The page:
Precipice Cattle Drive Again

Last weekend I went to the annual Precipice Cattle Drive again.  Like most ranchers around here, Lee Taylor drives his calves up onto the summer range in late May; they will stay there until October.

Down the Precipice road I went, enjoying as always Fred Reid’s stone sculptures.Here is Fred.  He is co-author of Captured By Fire, our book about the 2017 forest fires.This is how close the fire got to Lee and Pat Taylor’s ranch.The new growth under the burned trees is lush.  Mostly fireweed.  It’s going to be a glorious sight in August.Hannah, myAustrian volunteer of 7 weeks, had got a ride to Kamloops and had left the previous day.  I drove down the rough road early and was in good time for the saddling up.  The violets were much bigger down here.And there was a great showing of wild strawberries.The cows had already been rounded up so were close to the gate.  Along came cowboys Paul,Leslie,and AileenPaul’s son and one of his daughters were also riding.  Lee went in front with his atv, calling the cows to follow him. The older cows all know what’s happening and they are eager to go.  Just a bit of bawling to make sure the calves are with them.And away they went, up the hill.Then a few hours of quiet time until the riders and atv-ers came home.  The rest of the daylight time was spent visiting and eating.  Aileen is a new, first-time mother.Leslie looking cool with her sunglasses.Lee always barbecues steaks and Fred and Monika bring salads from their market garden – already they have produce in the greenhouse (the famous greenhouse you will hear a lot about in the new book!). Pat, Lee’s wife, wrenching herself away from the sink for once.  Her organization is always superb.Normally the musicians would play outside, but even with the smoke from the fire, the mosquitos and black flies, which had just emerged, were vicious after a week of rain, so we crowded into the screened porch.It gave new meaning to the phrase: “jam session.”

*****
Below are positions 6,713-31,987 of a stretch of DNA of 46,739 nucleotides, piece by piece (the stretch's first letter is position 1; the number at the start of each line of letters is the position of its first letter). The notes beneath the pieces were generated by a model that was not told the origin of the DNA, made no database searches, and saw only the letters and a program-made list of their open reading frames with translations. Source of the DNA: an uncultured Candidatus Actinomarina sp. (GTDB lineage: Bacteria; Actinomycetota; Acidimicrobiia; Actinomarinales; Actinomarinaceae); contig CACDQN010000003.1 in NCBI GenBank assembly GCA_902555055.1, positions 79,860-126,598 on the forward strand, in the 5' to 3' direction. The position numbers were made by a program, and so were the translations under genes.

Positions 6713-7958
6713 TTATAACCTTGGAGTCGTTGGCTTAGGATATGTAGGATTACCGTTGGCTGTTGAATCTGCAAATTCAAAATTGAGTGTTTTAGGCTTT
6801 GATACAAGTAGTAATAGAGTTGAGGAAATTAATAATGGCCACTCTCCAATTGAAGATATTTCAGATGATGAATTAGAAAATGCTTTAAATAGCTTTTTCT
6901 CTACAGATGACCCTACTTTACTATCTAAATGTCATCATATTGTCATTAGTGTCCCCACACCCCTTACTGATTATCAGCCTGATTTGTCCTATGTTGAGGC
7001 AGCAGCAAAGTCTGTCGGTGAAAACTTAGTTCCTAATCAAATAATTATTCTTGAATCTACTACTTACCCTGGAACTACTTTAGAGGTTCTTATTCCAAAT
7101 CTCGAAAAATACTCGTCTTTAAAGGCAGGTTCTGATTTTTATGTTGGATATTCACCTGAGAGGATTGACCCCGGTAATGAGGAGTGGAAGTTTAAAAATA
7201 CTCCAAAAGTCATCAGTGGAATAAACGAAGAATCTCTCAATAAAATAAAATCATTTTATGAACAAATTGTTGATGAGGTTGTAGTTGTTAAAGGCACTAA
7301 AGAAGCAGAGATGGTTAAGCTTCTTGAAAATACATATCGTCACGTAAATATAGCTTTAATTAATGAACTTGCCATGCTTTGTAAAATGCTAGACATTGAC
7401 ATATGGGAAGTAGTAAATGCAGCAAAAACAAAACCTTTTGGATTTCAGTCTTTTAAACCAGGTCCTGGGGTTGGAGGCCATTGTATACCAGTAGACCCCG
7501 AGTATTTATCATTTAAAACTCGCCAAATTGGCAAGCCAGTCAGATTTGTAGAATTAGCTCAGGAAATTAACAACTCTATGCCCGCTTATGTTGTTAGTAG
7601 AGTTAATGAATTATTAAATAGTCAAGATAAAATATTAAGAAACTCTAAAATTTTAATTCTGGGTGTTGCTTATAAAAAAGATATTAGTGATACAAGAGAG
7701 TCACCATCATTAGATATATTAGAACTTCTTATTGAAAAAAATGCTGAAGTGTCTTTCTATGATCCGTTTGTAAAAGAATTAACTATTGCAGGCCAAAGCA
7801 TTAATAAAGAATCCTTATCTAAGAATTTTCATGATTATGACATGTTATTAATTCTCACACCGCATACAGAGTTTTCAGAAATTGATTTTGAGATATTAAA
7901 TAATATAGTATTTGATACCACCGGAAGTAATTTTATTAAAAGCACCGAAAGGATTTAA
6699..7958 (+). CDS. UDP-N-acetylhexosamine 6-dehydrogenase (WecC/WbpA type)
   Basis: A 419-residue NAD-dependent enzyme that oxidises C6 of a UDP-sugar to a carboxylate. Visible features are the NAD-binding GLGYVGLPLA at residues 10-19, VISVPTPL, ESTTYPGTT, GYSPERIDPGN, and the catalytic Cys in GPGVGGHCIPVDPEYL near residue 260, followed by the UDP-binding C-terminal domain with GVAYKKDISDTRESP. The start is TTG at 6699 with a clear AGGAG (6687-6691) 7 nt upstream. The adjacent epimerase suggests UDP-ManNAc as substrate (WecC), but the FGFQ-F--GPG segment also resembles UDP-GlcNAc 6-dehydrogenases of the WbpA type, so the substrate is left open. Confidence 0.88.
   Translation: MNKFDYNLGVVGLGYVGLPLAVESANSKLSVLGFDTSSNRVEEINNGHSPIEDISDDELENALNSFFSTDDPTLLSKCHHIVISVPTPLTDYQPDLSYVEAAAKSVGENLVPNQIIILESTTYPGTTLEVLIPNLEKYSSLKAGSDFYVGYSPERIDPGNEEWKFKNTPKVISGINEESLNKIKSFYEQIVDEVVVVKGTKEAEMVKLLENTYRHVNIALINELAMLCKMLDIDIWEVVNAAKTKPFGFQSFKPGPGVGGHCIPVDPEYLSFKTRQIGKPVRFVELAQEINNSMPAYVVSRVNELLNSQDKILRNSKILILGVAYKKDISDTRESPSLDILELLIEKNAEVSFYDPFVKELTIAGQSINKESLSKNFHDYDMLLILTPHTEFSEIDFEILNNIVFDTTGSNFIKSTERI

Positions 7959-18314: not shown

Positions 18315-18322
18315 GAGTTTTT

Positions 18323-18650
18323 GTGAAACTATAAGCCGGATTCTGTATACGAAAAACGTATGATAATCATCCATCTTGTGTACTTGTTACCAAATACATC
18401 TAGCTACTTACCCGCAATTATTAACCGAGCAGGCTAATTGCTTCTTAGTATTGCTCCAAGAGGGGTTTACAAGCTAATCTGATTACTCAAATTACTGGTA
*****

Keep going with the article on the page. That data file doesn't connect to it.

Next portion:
About wilderness dweller

I have lived for more than 30 years as a Wilderness Dweller. Most of that time was in cabins I built myself far from the nearest road, high in the mountains of British Columbia, Canada. My "retirement" home is accessible by a bush road but still far from neighbours. I live off the grid, and operate this blog by solar-powered satellite internet.
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